05/30/2010 3:06PM

Bully for Them


The Hall of Fame of any sport is nothing less than a vital organ, which is why it is important to make certain the manner in which Hall of Famers are selected is sound.

For this year's version in thoroughbred racing, there was energetic sentiment among the movers and shakers of the Hall of Fame process that a number of very good mares were being overlooked because of the rule that only one could enter per year. The same could have been said for trainers, jockeys and male horses -- at least that's what I thought --but it was the mares who carried the most weight, and the voting format was changed.

As a result, it was possible this year that Azeri, Open Mind, Safely Kept and Sky Beauty all could have entered the Hall of Fame. That would have been quite a chorus line, high-kicking into the Saratoga shrine, but it didn't happen. Only Azeri, whose record dwarfed the considerable resumes of the other three, got enough votes for induction.

Whether the result was a backfire of good intentions or a natural result of miscalculated manipulation, it matters not. I will also avoid picking through the grisly details of the process by which the Hall of Fame ballot is cobbled together (think of the Minerals Management Service of the U.S. Department of the Interior under the Bush administration, without the crystal meth and kinky sex). But as it stands now, the Hall of Fame Nominating Committee -- of which I am a member -- is nothing but a Narrowing Committee, tasked primarily with eliminating names that deserve widespread consideration.

There were only 10 candidates on the 2010 ballot -- an arbitrary figure based upon the number of horses encouraged to run in the Kentucky Derby, divided by two -- but there easily could have been many more included, and without a whiff of embarrassment or confusion. Among the omitted this year were Jerry Hollendorfer, Garrett Gomez, John Velazquez, Mineshaft, Heavenly Prize, Robbie Albarado, Housebuster, Kona Gold, Chris Antley, Billy Turner, Calvin Borel, Mel Stute, Neil Howard, Smarty Jones, Lure, Estrapade and Craig Perret (readers are encouraged to pile on).

In fact, it should not matter how many names are included. Give each voter 10 votes, then, to be elected, require a candidate to get 66% or so of the support from the total number of voters. Cull the list annually of those names who do not attract at least a minimum level of support. If the system is good enough for the baseball Hall of Fame, it's good enough for horse racing.

Just as baseball honors widely diverse players for doing a variety of jobs very well, horse racing has its special cases. Certainly, no one can argue with the comprehensive career of Randy Romero, replete with quantity, quality and more than its share of operatic tragedy. And as for Azeri, let's just say Zenyatta has yet to catch anything like her.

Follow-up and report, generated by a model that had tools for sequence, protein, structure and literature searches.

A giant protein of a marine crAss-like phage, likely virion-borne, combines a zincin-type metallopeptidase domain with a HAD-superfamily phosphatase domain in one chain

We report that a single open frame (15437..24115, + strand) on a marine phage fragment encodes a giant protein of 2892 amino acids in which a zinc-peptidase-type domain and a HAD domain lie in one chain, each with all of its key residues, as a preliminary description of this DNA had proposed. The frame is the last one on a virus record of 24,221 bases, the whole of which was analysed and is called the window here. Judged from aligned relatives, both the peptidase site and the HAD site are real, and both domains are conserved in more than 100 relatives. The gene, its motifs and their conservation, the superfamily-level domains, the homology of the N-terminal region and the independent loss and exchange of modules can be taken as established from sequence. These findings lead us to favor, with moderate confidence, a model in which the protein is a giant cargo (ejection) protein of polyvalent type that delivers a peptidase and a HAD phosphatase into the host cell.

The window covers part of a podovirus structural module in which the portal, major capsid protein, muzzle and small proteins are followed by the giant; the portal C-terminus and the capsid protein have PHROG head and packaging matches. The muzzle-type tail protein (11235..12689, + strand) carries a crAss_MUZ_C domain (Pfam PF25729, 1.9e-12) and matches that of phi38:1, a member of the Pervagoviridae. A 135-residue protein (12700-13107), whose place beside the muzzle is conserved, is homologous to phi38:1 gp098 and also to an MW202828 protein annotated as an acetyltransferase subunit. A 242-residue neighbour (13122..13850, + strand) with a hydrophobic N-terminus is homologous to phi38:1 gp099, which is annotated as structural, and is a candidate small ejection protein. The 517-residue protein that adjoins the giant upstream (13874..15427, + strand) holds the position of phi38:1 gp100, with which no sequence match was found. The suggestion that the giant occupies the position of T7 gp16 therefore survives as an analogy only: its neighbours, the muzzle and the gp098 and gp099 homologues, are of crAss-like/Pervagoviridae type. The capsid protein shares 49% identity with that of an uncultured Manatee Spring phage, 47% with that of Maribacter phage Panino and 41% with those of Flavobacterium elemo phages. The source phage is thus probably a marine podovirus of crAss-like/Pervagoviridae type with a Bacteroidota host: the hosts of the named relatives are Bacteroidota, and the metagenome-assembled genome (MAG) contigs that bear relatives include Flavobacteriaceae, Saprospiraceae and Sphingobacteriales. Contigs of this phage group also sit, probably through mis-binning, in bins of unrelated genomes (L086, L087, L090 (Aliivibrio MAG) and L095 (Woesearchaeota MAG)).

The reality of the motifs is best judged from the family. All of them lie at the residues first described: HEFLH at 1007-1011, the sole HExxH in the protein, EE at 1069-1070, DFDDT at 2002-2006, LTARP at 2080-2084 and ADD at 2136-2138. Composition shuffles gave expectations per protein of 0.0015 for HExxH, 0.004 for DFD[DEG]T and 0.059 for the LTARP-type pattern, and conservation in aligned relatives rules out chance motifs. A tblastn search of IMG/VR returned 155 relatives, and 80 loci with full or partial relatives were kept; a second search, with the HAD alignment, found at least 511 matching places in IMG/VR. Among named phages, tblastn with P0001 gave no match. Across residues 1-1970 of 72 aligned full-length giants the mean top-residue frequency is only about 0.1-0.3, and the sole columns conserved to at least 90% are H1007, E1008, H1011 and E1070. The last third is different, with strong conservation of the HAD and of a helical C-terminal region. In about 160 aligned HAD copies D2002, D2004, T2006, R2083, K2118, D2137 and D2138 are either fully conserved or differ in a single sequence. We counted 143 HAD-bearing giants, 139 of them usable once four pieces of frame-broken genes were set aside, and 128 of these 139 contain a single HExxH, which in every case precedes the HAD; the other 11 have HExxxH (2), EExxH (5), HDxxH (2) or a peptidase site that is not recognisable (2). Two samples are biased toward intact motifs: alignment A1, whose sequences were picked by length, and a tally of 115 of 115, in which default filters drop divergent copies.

But the two males elected tell very different tales. Purists who balk at Point Given's Hall of Fame qualifications worry that he did not make it past the summer of his 3-year-old season, and that he never was tested against the older horses of the era. What a Breeders' Cup Classic that could have been in 2001, had Point Given not gone wrong after the Haskell and the Travers. Picture the big chestnut bearing down on Tiznow and Sakhee as the wire neared at Belmont Park, where Point Given had won the Belmont Stakes by 12 1/4 lengths that June.

What there was of Point Given was choice, and he beat Tiznow fair and square in the balloting for 2001 Horse of the Year. (A referendum on that decision took place last year, when Tiznow entered the Hall of Fame first in head-to-head balloting against Point Given, but now all is settled.) As for precedent, there have been several colts enter the Hall of Fame without ever facing their elders. Colin's record of 15-for-15 trumped the fact that he didn't make it past June of his 3-year-old season. Count Fleet, Majestic Prince and Tim Tam were victims of the Triple Crown and never raced after the Belmont. Northern Dancer lasted one race longer, going out in style by winning the Queen's Plate in his native Canada.

Best Pal copy Best Pal is the yang to Point Given's yin. As a 2-year-old -- pegged about fourth best of John Mabee's crop -- he was more accomplished than Point Given. At three Best Pal had a better Kentucky Derby, finishing second, and that summer, while the rest of the crop was dallying in the Travers, Best Pal stepped up to beat a field of older horses in the Pacific Classic that included Unbridled, Farma Way, Twilight Agenda and Festin.

While Best Pal lost 29 of his 47 starts, he also won the hearts and minds of thousands of fans over seven memorable seasons. Had he retired at the end of his 4-year-old season, he would have been a slam-dunk Hall of Famer in his first year of eligibility, with a record of 12 wins in 23 starts, along with seven seconds and third, and additional wins in the Santa Anita Handicap, Oaklawn Handicap and Strub Stakes. But he didn't. He was a gelding, and he soldiered on for three more seasons, adding the Hollywood Gold Cup and San Antonio Handicap among a host of honorable efforts. So committed was Best Pal to the life of the warrior that he lasted only 2 1/2 years in retirement. He died of a heart attack on Nov. 24, 1998, while accompanying a herd of young horses to the training track at Golden Eagle Farm, where he was born.

His remains are buried there, beneath one of the boulders harvested from the rocky outcroppings of the eastern San Diego County landscape. It used to feel like a long way from Saratoga Springs, but no more.